John and Judy Davis are visiting from Wisconsin's Fox River Valley. They will be spending a week with their son Nirvani Nilakanthanatha. Both are retired. Judy is a master gardener while John is an accomplished carpenter.
The traveling monks felt much smarter following a short visit to Harvard University, where we were taken into a vast genetics laboratory where advanced research is being done to make the world a healthier place. We would explain just what the scientists and technicians were doing, but that would require us to understand the things they told us.
Next, we crossed the plains to Loveland. Colorado. Loveland? That's right. This little town an hour north of Denver is America's foremost sculpting and bronze casting region. There are over 300 sculptors here, five major foundries and dozens of teams of craftsmen. So, it is not surprising that this is where our Iraivan Temple Builders' Tribute is being made.
Rajkumar Manickam drove up from Eagle, Colorado to spend the days with us, and Rushika Suriyakumar flew in from Concord, California, and Holly Young flew in from the Big Island to meet the team. Together we all took a day-long tour of the four major shops that are involved in the making of the bronze statues.
First, Page Bronze where Bobby and Kathy Page showed us the wax model of Holly's next masterpiece, two silpis sitting back to back on a stone, one doing the rough cutting and the other smoothening the stone. Kathy had duct-tapped the pieces together, so we could review the sculpture. It's amazing, a powerful depiction of the silpi arts. Rushika was conscripted into placing a square, hammer and several chisels which will show visitors in the future the different types of chisels used for different tasks.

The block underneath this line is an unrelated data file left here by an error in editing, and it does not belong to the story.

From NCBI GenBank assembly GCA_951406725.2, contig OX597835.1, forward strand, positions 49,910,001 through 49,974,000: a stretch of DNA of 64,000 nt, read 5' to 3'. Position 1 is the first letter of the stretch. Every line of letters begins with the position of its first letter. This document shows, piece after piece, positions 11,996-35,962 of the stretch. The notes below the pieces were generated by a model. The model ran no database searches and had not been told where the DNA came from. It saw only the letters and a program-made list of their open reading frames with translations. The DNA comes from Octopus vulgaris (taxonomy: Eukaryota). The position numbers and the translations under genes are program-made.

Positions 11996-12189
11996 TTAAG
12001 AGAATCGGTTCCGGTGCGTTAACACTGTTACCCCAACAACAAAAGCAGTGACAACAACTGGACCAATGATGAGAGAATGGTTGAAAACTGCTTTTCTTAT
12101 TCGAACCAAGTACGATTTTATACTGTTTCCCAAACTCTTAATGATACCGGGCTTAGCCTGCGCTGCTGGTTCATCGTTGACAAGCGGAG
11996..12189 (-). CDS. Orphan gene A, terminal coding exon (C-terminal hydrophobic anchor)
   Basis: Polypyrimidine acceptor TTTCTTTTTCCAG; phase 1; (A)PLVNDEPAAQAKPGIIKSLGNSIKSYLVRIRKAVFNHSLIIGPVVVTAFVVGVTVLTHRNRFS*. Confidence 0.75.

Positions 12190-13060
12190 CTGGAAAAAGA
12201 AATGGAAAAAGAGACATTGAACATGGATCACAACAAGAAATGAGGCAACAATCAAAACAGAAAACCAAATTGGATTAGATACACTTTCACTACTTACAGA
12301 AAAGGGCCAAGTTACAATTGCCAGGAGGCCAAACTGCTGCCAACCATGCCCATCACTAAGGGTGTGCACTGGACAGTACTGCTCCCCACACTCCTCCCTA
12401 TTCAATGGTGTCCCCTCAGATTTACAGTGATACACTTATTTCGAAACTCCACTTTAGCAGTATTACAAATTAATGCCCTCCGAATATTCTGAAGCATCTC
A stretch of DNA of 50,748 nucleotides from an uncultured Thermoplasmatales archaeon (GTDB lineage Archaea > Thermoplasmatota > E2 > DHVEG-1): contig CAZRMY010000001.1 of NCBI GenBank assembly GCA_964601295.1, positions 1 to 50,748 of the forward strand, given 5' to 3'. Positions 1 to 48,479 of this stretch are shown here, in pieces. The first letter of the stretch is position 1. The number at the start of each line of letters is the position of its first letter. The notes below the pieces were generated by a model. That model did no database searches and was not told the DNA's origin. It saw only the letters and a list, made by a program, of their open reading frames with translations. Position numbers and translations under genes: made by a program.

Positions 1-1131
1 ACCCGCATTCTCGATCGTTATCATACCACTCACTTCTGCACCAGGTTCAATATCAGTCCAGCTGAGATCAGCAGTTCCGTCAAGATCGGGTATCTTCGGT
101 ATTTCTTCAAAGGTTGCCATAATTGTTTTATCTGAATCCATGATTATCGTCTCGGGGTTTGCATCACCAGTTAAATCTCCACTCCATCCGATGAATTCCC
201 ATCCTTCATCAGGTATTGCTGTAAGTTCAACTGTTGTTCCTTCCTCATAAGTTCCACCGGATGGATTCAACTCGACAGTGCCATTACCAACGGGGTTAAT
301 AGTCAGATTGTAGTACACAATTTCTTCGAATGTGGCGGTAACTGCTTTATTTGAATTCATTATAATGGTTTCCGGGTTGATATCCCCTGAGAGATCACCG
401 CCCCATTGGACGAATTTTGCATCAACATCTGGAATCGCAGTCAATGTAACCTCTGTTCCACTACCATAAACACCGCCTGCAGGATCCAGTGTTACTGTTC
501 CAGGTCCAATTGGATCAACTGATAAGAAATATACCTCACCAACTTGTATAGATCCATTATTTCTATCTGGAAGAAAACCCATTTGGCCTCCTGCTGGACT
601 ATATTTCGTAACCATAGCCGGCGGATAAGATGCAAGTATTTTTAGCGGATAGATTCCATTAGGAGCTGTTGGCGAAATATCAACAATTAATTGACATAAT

Then off to the foundry, where Chris took us into a never-never land of 2000 degree metals. He had arranged for a pour to coincide with our visit, so we saw the whole thing.
Next, we stopped at Debbie Bakels Patina shop where the all-important colors are added to the metal. Debbie gave us a Chemistry 101 course during which we learned that she makes her own iron oxide with rusty nails that she rusts herself. Seems the store-bought iron oxide does not bond as well with the copper in the bronze. Finally, we visited another Debbie, who crates and ships the statues.
That evening we all came together at a local restaurant for a Celebratory Dinner. This team which works so closely still had never gotten together socially, and the presence of Holly and Rushika made it an historic dinner. Sadasivanathaswami had prepared a 20-minute slideshow summarizing the past accomplishments (we have finished five masterworks) and looking to the work ahead (we have three to go)
Each one of the craftsmen was called to the podium to speak of her or his experiences in making the works (especially Gurudeva's), and their stories were remarkably similar and surprisingly spiritual. Seems their lives and even their businesses have been transformed in the past four years as they work on the tribute pieces. It was a delightful gathering to be remembered far into the future of futures.